Ask Mr. Marketing: What’s that black box?

By Rob Weinberg

Q: Please explain QR Codes

Troy Fogel

You’ve probably experienced QR codes in magazine ads or store windows without realizing what you were seeing.

First used in Japan in the mid-1990s, QR (short for Quick Response), is basically a bar code your smartphone can scan. Use it to lead visitors to websites, downloadable files, or add contact information to their electronic address books.

Most QR codes are black-and-white-patterned boxes, with many websites creating them for free. Codes can also be customized with colors, logos or artistic designs.

QR codes are useful when marketing real estate’s at a premium. They’re a creative way to provide additional information or to make a static medium like print more interactive.

When used well, QR codes can elevate the user experience significantly. Large and small businesses use QR codes to deliver promotional offers or exclusive web-based content.

Such offers typically can’t be accessed without your phone reading it. Post Cereals even developed a web-based sitcom for QR visitors alone.

And since QR codes are easy to scan (once you know how), unique looking, and easy to spot, they can work well on virtually anything.

At a conference I spoke at recently, I witnessed attendees on the go, smartphones in hand, snapping and storing QR codes for later reference.

This approach prevented booth visitors from quickly forgetting about the exhibit they’d just seen, while simultaneously reducing paper waste at the event.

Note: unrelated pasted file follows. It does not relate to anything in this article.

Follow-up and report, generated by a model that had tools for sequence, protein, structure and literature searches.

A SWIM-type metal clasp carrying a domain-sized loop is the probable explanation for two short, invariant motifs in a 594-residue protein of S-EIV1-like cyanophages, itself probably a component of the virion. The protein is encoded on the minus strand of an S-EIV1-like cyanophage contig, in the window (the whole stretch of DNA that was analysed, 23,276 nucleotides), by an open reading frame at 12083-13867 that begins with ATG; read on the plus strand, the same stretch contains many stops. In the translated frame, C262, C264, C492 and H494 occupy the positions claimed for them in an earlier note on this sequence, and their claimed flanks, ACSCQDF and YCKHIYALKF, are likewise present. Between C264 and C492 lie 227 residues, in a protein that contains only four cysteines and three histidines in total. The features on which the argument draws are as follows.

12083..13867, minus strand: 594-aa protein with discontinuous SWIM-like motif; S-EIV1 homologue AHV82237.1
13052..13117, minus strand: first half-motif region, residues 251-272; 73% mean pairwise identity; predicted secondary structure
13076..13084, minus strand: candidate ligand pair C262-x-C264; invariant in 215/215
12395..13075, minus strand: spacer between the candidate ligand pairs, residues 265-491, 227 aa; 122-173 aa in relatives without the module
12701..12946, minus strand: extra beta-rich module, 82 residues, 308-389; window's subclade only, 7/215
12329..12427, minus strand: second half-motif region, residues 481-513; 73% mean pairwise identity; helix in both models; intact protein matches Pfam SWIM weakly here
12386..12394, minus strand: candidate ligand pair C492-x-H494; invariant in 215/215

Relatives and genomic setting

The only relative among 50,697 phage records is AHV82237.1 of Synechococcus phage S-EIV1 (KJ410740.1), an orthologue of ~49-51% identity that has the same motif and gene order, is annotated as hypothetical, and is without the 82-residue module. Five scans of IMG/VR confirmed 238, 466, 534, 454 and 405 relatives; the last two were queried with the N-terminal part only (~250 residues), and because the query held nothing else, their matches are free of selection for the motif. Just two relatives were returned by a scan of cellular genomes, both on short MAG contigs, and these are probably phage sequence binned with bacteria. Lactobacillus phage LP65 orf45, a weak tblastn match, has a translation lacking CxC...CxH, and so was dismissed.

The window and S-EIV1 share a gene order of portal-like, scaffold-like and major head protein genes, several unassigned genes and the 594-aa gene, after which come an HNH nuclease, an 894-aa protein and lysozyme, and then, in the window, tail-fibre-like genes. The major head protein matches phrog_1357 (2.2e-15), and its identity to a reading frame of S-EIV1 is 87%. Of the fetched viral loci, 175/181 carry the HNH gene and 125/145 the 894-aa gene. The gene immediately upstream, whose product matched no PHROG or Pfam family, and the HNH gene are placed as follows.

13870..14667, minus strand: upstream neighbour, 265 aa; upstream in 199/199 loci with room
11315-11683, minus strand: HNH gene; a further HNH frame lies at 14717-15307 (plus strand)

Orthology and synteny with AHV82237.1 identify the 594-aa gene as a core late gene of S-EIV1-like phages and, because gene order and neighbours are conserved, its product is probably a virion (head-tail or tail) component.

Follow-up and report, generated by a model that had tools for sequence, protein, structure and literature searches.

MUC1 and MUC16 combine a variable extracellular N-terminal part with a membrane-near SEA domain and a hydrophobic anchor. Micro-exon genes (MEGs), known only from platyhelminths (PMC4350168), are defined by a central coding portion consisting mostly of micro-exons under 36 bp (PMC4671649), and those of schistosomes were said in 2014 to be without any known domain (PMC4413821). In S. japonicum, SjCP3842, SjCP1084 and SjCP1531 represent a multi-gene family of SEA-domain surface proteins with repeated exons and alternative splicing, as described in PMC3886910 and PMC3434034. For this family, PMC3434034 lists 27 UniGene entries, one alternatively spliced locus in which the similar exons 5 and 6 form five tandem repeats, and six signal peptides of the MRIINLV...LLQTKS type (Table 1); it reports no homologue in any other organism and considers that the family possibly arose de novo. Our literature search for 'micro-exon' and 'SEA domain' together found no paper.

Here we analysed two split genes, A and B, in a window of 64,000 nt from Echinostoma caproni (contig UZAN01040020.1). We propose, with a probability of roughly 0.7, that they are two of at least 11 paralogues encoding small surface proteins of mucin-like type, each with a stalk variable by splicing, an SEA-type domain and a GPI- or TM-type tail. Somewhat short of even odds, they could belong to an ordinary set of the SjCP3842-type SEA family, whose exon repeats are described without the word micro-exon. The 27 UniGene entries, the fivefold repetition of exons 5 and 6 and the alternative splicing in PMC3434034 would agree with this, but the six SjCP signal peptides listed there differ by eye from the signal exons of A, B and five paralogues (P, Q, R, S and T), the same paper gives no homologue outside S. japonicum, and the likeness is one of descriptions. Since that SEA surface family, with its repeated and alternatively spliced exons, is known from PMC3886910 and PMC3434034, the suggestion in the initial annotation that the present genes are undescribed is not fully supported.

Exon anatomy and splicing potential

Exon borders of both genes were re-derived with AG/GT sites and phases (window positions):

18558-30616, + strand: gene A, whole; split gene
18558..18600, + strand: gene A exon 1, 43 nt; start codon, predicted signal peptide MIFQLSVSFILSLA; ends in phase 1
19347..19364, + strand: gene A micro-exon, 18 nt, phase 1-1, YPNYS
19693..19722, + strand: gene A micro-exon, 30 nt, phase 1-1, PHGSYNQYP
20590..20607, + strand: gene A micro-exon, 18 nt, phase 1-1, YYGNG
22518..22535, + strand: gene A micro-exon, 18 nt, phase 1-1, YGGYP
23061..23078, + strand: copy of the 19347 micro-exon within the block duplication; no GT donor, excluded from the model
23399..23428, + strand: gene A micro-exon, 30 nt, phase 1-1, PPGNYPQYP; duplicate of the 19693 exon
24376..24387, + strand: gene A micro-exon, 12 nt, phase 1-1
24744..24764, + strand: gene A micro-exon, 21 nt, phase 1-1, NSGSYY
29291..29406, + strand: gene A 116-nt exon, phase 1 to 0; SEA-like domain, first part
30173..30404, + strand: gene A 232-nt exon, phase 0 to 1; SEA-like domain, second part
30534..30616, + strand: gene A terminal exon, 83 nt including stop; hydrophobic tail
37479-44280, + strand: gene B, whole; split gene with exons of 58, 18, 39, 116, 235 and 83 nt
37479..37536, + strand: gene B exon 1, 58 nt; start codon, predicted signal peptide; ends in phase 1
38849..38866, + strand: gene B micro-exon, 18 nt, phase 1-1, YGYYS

I even saw a QR code projected onto a screen directing audience members to a downloadable version of the speaker’s presentation. Several business cards also bore them, as did numerous ads in the print program.

By the way — QR code is a catchall term for two-dimensional scannable bar codes. The term QR is actually a registered trademark of Denso Wave, a division of Toyota. Many other companies, including Microsoft and Google, offer their own 2-D codes.

As with any other marketing vehicle, QR codes should not be the entire solution to your communication needs. However, tying it in as a vehicle for a giveaway or as a lure for answering a survey makes it a solid addition to your marketing arsenal.

With that said, I wish you a week of profitable marketing.

Mr. Marketing has spent 30 years unlocking the secrets of reaching customers. Scan his QR code above for a special offer, or contact him at www.askmrmarketing.com.

Related posts:

  1. Ask Mr. Marketing: Paying for every click
  2. Ask Mr. Marketing: Making video marketing work for you
  3. Ask Mr. Marketing: Planning for the coming year
  4. Ask Mr. Marketing: Mapping your own opportunity
  5. Ask Mr. Marketing: Been there. Done that.

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Posted by Karen Brainard on Nov 26 2011. Filed under Columnists. You can follow any responses to this entry through the RSS 2.0. You can leave a response or trackback to this entry

3 Comments for “Ask Mr. Marketing: What’s that black box?”

  1. Al

    We think black and white codes will eventually be replaced with more colorful ones.

  2. QR codes are easy to generate.But creating an effective QR campaign may not be easy for non-marketing or tech savvy business owners since in addition to the QR code, a mobile landing page, effective graphic design, or custom marketing videos may be needed. So aside from DIY marketing, also consider hiring professionals to help you plan and execute an effective marketing campaign.

  3. [...] Ask Mr. Marketing: What's that black box? By Rob Weinberg You've probably experienced QR codes in magazine ads or store windows without realizing what you were seeing. First used in Japan in the mid-1990s, QR (short for Quick Response), is basically a bar code your smartphone can scan. … Read more on Ramona Sentinel [...]

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